2. Research objectives

The research objectives were as follows: (1) to explore the interactions among the satisfaction level of medical professionals who use the online clinical guideline system, individual knowledge management behavior, and net benefit; (2) to compare disparities between all aspects of various modes of interactions across different medical professionals; and (3) to provide relevant suggestions regarding the online clinical guideline system’s infrastructure and implementation.

3. Literature review

3.1. Online clinical guideline

Isern and Moreno [6] pointed out that an online clinical guideline system benefits clinical physicians and patients but remains an area of ongoing research with insufficient implementation and has yet to be integrated into existing management systems of health‐care protocols and used in routine medical infrastructures. Isabelle et al. [7] noted that the integration of clinical guidelines into the online network will solve problems faced by physicians in patient care and will increase the likelihood that these guidelines will be used by physicians.

Isern and Moreno [6] also proposed that the compilation of the clinical guidelines database should include a web‐based version. Moreover, collaborative features are very helpful in improving and creating various systems of clinical guidelines for different medical professionals. Studies have stated that, when computerized, a clinical decision support systems combine decisive strategies and clinical protocols and can provide concrete support for patients, improving clinical practice guideline compliance and treatment results for patients [8].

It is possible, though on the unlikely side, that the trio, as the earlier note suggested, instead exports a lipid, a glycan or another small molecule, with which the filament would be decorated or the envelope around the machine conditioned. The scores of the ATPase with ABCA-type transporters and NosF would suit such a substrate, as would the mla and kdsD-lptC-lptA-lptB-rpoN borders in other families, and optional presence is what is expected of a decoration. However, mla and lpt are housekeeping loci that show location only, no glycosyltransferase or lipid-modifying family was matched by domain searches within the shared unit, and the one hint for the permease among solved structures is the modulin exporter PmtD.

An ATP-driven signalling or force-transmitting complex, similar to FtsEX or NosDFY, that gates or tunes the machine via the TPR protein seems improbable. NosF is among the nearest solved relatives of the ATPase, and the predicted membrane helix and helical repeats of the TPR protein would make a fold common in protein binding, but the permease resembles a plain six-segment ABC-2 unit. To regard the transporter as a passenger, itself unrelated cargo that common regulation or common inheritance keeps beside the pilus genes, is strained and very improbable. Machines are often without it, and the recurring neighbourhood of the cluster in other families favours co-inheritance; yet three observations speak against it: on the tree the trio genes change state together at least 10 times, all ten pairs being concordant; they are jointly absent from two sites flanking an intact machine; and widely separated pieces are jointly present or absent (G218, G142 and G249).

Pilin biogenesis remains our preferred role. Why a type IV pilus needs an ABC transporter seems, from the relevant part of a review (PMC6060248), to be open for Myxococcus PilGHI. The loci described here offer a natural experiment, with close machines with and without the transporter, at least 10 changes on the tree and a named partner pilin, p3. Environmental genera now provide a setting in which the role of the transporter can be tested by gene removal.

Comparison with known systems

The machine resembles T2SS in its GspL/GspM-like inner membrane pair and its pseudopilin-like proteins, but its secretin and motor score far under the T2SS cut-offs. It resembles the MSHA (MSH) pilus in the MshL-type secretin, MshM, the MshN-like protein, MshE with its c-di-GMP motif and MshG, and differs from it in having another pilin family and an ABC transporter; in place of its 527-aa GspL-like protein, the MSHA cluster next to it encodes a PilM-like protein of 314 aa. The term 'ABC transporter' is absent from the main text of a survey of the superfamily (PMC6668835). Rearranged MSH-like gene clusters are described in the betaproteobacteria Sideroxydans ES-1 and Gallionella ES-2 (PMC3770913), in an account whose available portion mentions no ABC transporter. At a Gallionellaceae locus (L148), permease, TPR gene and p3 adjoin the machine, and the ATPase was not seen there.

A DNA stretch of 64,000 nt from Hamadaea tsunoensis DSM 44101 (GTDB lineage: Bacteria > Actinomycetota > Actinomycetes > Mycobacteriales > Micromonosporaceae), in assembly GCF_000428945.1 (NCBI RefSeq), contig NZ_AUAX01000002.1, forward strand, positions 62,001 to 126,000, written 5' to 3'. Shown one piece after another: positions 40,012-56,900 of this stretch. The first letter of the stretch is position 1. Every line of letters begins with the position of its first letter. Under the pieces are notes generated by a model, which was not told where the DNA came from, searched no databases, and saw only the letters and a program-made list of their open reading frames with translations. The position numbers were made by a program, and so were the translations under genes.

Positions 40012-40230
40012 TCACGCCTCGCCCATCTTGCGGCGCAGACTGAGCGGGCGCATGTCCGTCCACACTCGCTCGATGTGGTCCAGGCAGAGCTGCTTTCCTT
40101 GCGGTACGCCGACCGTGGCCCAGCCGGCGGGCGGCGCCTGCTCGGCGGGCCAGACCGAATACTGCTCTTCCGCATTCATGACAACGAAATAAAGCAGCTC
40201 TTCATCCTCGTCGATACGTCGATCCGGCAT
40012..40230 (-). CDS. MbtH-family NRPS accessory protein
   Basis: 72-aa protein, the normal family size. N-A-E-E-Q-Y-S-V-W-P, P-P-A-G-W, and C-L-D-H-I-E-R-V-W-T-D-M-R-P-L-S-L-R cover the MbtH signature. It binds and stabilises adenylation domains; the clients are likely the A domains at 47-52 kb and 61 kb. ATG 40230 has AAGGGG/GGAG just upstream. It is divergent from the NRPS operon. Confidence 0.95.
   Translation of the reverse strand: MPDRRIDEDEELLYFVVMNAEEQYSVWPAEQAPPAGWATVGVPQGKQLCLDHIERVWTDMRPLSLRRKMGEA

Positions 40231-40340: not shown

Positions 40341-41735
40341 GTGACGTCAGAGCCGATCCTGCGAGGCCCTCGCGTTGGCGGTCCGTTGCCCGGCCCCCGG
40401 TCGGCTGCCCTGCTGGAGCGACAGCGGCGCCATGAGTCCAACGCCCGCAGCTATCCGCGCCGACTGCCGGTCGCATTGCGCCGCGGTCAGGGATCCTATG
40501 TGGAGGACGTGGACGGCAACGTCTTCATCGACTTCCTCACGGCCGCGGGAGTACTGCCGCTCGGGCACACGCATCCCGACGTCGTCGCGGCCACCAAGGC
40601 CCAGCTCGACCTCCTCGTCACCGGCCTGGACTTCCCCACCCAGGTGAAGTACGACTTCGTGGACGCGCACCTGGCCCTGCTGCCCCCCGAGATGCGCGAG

3.2. Individual knowledge management behavior

Nonaka and Takeuchi [9] argued that only individuals can create knowledge, and, through interactions with one another, individuals can develop organizational knowledge. Knowledge internalization and socialization should be the major knowledge management behavior of individuals. Rogers [10] categorized employees’ knowledge behavioral conducts into three types regarding measurement of various aspects of cooperative knowledge behavior between employees, including knowledge acquisition, knowledge creating, knowledge sharing, knowledge hoarding, knowledge shirking, and knowledge appropriation. This study used knowledge socialization and internalization as the measuring variables of individual knowledge management behaviors.

3.3. Information system success model

Many studies use academics Delone and Mclean’s [11] Information System (IS) success model for information system importing and effectiveness evaluation. This study focused on evaluating the effectiveness of an online clinical guideline system. The variables include system use, user satisfaction, user intention, and net benefits. Thus, we chose Delone and Mclean IS success model to evaluate the system, since they [11] have divided the actual system use and use intention. This study used two variables to measure the construct of system use.

4. Research methodology

4.1. Research hypothesis

This study’s main focus was to investigate the satisfaction and usage levels associated with the online clinical diagnosis and treatment guideline system and the relationship between medical professional employees’ knowledge management behavior and net benefit and to further explore relationships between various dimensions.

This study presented the following hypotheses: